The World Health Organization has classified a coronavirus variant, first identified in India, as a variant of global concern.
The B.1.617 variant, also called the triple mutant, was first identified in India in December of last year. The variant is considered responsible for driving the deadly second wave in the country. Moreover, it has spread to more than thirty countries across the world, including the UK. Thus, leading the World Health Organization (WHO) to classify it as a ‘variant of concern.’ According to WHO, their decision is based on preliminary studies showcasing increased transmissibility of the variant.
India’s second wave, which began in mid-February, has completely overwhelmed the country’s healthcare system. This past week, the total COVID-19 cases in the region crossed 24 million, and the death toll consecutively stayed at or above 4,000 people per day. In recent days, the daily new cases and number of deaths have seen a slight dip; however, experts believe the actual numbers may actually be much higher than those reported.
According to researchers, the triple mutant has three sub lineages: B.1.617.1, B.1.617.2, and B.1.617.3. Studies have identified key mutations in the spike protein of these variants. These mutations, similar to that of previous variant of concerns, makes the virus spread more rapidly and evade antibodies. Although the link between the variant and India’s surge in cases has not yet been established, there is enough evidence linking the two.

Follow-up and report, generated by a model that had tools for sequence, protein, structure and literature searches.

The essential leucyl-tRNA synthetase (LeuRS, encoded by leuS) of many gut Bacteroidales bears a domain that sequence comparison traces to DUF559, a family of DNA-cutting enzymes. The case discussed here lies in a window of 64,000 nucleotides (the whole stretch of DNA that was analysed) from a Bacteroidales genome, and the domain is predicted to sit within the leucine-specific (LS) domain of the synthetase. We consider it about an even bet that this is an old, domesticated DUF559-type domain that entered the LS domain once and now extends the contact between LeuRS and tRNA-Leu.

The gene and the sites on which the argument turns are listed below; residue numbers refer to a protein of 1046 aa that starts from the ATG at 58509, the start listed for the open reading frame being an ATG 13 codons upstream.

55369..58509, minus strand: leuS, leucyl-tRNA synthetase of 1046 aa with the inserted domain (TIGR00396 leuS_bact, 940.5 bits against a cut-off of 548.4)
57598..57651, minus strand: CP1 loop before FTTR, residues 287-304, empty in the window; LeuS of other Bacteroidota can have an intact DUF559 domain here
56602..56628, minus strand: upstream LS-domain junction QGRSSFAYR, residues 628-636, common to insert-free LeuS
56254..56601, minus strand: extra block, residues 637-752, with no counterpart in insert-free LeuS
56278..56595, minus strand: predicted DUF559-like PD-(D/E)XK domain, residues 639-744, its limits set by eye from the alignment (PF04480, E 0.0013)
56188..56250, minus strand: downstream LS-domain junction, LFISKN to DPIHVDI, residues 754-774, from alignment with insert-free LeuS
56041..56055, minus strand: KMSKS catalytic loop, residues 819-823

What is a Variant of Concern?
The India coronavirus variant, B.1.617, is the fourth variant that WHO has labelled under variant of concerns. Previously the list included: UK, Brazil, and South Africa variant.
As per WHO’s report, a mutation is labelled as a variant of concern when it fulfils either one of these criteria: increased transmissibility, increased virulence, or decreased effectiveness of treatment and vaccines against the mutation.
Despite the increasing cases of the variant, WHO is optimistic that the current vaccines will be effective against the mutant. Further studies are underway to assess the variant’s transmissibility and its response to antibodies generated by vaccines.
Cherian, S. et al. Preprint at bioRxiv https://doi.org/10.1101/2021.04.22.440932 (2021).